I’m writing this from a three-storey historic home in the suburbs. It’s my third stay here in the past few months. Every time my friend and her husband go away, I trade my cramped kitchen for one with two sinks, a double-paned fridge, and six-burner stove; my splintering floor for shiny hardwood; my single television for four. Instead of staring at the ceiling every night from the bathtub in my windowless bathroom, I gaze at the silhouette of the forested valley behind the house as I float in their hot tub.
Last night, I noticed one of the lights on the side of the neighbour’s house flickering while soaking in the backyard. Convinced my mom haunts me through lights, I studied the flashing, realizing that it had a calculated pattern. I thought of Parasite, the anti-capitalist movie in which the father, trapped in the basement of a mansion, attempts to communicate Morse code through a flickering light. I thought too of how the poorer families in that story leech off of the wealthy family by enjoying all the amenities of their house. Here I am, playing pretend in my friend’s lavish life.
Whenever I come out here, I walk sidewalk-less streets after dinner taking photos (the ones included in this piece were taken during previous house-sits this summer). The suburbs have always been a site of fascination to me: they illicit both comfort and unease. I know, from living in a suburban home for a few years of my childhood, that an entirely separate universe exists within those walls, so insulated from the outside world. In New York City, tall curtain-less windows framed snapshots of the lives inside; oppressive summer heat forced windows open, offering snippets of arguments, sex, laughter. Here, the shades are drawn, windows are either dark or illuminated by the glow of a giant T.V., and the hedges are perfectly manicured. Generic facades reveal little personality, but for the people who live inside, each square inch of their interior world is rich with meaning. The attached garages look bigger than my old studio apartment in New York, and yet, almost every house has at least one car parked in the driveway. Do they park the cars outside to show them off or because their garage is too filled with stuff?
“The suburban life is one of independence, a self-contained homestead where the American family can realize its desire and potential. Even the family car gets its own bedroom,” writes Ian Bogost in the Revenge of the Suburbs. Long before the creation of the 'burbs, collective life was the norm, but in the early-18th century, Enlightenment values emphasizing private property and individuality flourished (thanks, John Locke), and people began defining themselves by their material world. At the turn of the 20th century, American manufacturing and transportation skyrocketed: instead of relying on the general store or local craftsperson, “shoppers” now had options—a culture of consumption and accumulation was born. Then, the post-World War II housing boom gave shoppers big houses to fill with all their stuff. Add to that a generation of parents who grew up deprived during the depression, and you have a working population ready to embrace capitalist modernity.
In this context, it’s pretty easy for consumption to lead to clutter. We consume so excessively now that even IKEA has launched a global buyback program. An entire billion dollar storage industry is built around our addiction to material goods. Shows like Hoarders make entertainment of it like it’s an illness. While shows like Marie Kondo’s Tidying Up offer the cure—minimalism as self-improvement.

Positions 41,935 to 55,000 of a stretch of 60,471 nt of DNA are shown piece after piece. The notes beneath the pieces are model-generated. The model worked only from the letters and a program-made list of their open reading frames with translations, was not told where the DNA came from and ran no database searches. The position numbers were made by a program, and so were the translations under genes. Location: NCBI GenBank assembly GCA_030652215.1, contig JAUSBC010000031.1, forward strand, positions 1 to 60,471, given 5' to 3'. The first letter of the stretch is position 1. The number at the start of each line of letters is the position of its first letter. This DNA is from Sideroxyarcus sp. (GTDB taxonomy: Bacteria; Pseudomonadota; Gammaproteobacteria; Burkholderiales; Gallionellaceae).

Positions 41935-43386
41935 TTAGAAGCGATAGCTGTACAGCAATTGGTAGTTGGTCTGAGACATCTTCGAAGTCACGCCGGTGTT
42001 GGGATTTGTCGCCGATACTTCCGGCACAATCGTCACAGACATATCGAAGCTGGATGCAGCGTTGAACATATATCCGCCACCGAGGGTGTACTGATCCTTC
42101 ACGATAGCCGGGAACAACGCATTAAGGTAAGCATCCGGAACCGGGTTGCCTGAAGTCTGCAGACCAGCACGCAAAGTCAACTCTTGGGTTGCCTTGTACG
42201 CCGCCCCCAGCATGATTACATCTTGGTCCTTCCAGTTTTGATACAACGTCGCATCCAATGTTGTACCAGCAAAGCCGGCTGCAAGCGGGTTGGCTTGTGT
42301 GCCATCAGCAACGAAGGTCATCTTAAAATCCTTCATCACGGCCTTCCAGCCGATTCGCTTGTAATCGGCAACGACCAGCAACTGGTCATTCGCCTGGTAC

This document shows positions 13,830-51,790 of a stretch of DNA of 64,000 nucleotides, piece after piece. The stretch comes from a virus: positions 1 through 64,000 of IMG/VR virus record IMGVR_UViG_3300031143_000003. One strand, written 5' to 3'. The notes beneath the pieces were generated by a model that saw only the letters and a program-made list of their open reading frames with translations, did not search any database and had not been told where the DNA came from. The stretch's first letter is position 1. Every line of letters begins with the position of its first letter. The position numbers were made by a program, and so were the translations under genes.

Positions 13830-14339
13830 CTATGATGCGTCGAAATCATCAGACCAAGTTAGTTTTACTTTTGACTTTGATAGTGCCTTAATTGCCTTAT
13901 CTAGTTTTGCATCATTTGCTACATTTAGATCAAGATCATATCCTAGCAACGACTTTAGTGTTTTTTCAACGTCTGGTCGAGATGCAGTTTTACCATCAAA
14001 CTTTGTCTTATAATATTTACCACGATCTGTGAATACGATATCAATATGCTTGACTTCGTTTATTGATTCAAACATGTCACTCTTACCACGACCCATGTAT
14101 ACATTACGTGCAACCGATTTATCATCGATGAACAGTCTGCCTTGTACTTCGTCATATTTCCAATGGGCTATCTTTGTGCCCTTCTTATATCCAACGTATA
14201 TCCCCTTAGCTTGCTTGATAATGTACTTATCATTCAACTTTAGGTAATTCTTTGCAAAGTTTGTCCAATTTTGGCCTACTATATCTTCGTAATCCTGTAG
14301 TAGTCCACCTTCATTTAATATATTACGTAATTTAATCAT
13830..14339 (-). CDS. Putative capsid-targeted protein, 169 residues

For a largely overeducated, disenfranchised generation of millennials who might not have the same desire to accumulate as their parents, minimalism surely seems enticing. While in the 1950s, freedom was often measured by the size of one’s suburban home, today, “the ‘winners’ of globalization flutter through apartments, cities and jobs, not held back by material accumulation,” writes Astrid Van Oyen. This freedom of choice requires a certain level of financial security, but for those who have it, the mantra is out of sight, out of mind; the physical storage locker is swapped for “the cloud.” Minimalist millennials are still hoarding, we’re just hoarding differently: all the objects and experiences consumed are archived on social media; thousands of images accumulate to form an identity for us to repeatedly find ourselves in. Perhaps for millennials, luxury is never possessed, only encountered.
A boomer buys a new car and parks it in their driveway, a millennial buys a succulent and Instagrams it—both use their possessions to craft an image of a particular lifestyle. But maybe it’s about more than identity-formation, maybe our homes and what we choose to fill them with are more propelled by a need for ownership and security.
Look no further than how we respond to uncertainty and crisis. When the Toronto government mandated new restrictions last weekend, I went looking for disinfecting wipes, anticipating another wave of hoarding (I know, I’m a part of the problem). My mom—after her own experiences of unexpected loss—used to stockpile toiletries, perpetually afraid of scarcity. Survivors of war are known to respond to their trauma by hoarding. In a capitalist society where spending money is one of the few ways we can exert our power; accumulation and abundance provide the antidote to any feeling of precarity or lack. The problem is, it’s never enough. No matter how good we feel when the fridge is full, or how much we love the person we become in that dress, we always crave more, not just because the feeling is fleeting, but because we never truly find ourselves in our possessions.
“People are so completely and so powerfully alienated that they are reduced to things; in the meantime, the things they produce and the things they purchase have acquired all the livingness that people have lost.” —Elizabeth Chin, My Life With Things: The Consumer Diaries.